The primary objective of this study was to demonstrate shifts of plasma between vascular and extravascular spaces during the first 2½ hours of life. Such shifts in plasma volume have been postulated by Marks et al. in order to account for the significant rise in packed cell volume that they demonstrated within the first 2½ hours of life.1 Plasma volume was measured by human serum-albumin-bound iodine131 (Risa, Abbott Laboratories). Since, to date, this agent has not been used for this purpose in newborn infants, a demonstration of its effectiveness was the second major objective. A third objective of this study was to relate the early changes occurring in the blood compartments to the pathogenesis of hyaline membrane disease. For this purpose, infants born by Cesarean section were compared with infants born by normal vaginal delivery.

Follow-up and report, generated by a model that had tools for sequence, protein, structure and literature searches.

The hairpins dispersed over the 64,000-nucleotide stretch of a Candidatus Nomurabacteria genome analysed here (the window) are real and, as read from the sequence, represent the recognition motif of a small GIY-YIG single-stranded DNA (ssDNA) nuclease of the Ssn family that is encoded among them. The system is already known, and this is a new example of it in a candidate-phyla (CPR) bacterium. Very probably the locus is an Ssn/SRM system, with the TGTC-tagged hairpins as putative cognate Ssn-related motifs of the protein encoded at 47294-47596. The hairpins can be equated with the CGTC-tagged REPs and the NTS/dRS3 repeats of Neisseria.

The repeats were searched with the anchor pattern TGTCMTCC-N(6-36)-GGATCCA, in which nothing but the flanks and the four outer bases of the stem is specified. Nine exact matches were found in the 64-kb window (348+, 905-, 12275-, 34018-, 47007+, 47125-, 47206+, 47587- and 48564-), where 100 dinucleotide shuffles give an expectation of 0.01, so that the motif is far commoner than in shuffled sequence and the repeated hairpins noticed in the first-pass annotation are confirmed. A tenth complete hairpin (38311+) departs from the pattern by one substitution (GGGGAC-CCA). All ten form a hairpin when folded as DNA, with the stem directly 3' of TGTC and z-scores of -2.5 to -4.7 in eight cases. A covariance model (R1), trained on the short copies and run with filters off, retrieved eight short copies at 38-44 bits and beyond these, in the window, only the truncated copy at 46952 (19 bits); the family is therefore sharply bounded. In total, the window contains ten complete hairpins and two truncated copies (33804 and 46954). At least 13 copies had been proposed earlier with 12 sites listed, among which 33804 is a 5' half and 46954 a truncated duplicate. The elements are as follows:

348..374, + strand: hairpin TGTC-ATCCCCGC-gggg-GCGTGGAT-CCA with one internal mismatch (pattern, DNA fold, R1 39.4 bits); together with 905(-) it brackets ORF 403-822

Materials and Method
Nine normal newborns and 9 elective Cesarean section infants were
STEELE MW. Plasma Volume Changes in the Neonate. Am J Dis Child. 1962;103(1):10-18. doi:10.1001/archpedi.1962.02080020014003